Canterbury Christ Church University
Client: Canterbury Christ Church University
The results of over 20 years of archaeological investigation within the North Holmes Road campus of Canterbury Christ Church University were drawn together to produce an Occasional Paper summarising the history of ground lying to the north-east of Canterbury and north of the standing remains of St Augustine’s Abbey. The remains from twenty-five sites were examined, comprising evaluations, excavations and watching briefs, revealing occupation spanning from prehistoric to modern times.
The first direct evidence of settlement dates to the Bronze Age and is provided by pits, a ditch and a post-hole. Roman occupation was represented by part of a cremation cemetery, located beside the main Canterbury–Richborough Roman road, and a length of masonry water conduit which probably helped channel water into the town from hills to the north-east.
The first evidence of intense activity is dated to the mid Anglo-Saxon period, when the ground is thought to have held a craftworking centre servicing the monastery of St Peter and St Paul to the south, founded cAD 598. There was evidence of metalworking on an industrial scale. Activity declined in the second half of the ninth century, before becoming re-established in the middle of the eleventh when the abbey church and claustral buildings are thought to have been rebuilt. Industrial features including a casting pit, a lime kiln and two probable tile kilns were built, together with a barn.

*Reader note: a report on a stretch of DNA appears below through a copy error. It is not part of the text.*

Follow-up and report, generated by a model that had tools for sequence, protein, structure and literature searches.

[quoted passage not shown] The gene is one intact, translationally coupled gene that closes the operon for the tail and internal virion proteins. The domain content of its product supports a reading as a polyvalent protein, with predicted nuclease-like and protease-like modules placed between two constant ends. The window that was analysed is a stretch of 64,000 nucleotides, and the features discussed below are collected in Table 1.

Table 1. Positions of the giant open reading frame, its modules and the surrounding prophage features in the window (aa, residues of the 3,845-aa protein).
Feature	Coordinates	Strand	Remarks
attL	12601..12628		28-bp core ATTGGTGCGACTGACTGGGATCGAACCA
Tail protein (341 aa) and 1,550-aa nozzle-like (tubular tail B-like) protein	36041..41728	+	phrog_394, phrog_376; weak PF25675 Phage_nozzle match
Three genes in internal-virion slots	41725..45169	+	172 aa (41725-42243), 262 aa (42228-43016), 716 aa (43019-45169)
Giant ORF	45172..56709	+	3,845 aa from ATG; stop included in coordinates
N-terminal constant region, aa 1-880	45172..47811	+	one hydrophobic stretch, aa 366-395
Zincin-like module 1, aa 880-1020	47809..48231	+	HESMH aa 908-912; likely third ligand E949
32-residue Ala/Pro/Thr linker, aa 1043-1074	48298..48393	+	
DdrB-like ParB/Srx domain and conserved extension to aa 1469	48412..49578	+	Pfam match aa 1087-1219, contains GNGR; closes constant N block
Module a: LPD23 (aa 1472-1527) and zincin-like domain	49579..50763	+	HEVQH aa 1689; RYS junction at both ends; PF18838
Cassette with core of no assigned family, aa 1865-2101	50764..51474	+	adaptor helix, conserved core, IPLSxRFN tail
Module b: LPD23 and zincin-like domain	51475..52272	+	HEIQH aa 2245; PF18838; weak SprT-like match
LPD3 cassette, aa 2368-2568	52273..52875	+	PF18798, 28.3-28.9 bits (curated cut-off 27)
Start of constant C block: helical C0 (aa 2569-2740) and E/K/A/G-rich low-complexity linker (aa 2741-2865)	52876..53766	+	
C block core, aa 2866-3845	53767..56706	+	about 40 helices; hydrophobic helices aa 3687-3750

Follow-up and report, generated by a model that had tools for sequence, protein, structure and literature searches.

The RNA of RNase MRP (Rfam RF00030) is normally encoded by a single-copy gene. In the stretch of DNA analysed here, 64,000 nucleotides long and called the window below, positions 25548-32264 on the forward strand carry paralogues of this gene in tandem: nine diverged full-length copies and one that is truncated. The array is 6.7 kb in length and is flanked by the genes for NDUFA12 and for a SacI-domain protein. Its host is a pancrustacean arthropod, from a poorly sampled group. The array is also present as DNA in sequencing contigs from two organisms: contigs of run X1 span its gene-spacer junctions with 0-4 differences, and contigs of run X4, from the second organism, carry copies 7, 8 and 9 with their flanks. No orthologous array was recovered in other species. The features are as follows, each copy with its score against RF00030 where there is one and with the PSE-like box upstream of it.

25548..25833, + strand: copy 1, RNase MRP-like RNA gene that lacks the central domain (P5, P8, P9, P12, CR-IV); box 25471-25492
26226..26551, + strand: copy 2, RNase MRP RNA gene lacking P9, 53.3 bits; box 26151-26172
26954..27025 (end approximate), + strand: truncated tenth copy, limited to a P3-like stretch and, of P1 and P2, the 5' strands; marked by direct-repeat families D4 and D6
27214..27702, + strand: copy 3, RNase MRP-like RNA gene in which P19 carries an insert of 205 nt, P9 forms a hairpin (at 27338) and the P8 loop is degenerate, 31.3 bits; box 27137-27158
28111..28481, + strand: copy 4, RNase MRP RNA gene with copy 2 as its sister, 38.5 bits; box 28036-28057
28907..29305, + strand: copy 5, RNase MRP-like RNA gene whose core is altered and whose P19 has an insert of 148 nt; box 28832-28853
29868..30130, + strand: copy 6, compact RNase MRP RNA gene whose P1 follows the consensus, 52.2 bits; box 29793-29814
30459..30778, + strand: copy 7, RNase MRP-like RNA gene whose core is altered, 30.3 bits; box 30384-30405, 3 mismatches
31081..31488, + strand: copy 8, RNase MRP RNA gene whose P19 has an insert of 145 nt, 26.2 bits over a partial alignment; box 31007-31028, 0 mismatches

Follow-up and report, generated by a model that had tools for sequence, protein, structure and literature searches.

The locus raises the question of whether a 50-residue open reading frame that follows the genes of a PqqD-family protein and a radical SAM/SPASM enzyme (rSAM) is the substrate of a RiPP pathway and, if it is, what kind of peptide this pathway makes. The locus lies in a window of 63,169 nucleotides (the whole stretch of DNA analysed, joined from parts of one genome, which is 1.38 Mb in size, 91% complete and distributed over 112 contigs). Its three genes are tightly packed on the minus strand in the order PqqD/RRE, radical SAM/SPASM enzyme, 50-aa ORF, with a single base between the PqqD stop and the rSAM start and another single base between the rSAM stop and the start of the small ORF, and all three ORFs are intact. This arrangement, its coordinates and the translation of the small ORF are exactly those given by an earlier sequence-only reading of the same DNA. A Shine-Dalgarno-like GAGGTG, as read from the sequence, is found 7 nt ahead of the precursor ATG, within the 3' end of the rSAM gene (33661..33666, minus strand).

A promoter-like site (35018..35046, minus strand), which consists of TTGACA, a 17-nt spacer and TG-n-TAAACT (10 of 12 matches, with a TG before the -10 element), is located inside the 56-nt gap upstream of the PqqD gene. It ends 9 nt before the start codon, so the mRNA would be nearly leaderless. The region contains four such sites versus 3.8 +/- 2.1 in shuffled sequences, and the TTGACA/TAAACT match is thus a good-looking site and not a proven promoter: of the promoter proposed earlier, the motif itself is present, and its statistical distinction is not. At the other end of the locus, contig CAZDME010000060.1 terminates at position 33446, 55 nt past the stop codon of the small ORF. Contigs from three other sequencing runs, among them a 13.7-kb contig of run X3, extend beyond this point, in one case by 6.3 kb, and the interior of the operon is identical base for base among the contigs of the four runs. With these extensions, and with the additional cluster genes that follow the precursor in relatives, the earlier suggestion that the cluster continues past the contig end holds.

St Augustine’s Abbey expanded again from the mid thirteenth century with the development of the inner and outer courts. The project area covered a large part of the outer court where such service buildings as the cellarer’s range and brewhouse-bakehouse were located. A large portion of the brewhouse-bakehouse range was revealed, sufficient to suggest how the building would have functioned. A large circular masonry structure, added to the north end of the brewhouse in the fifteenth century, has no known parallels but may have been associated either with barley grain milling or the storage of hops.
After the abbey was dissolved in 1538, parts were converted to a royal palace for Henry VIII whilst other structures were dismantled. North of the palace, a few buildings survived including the western end of the brewhouse-bakehouse range, the gable end of which survives today and is shown on the front of the Occasional Paper.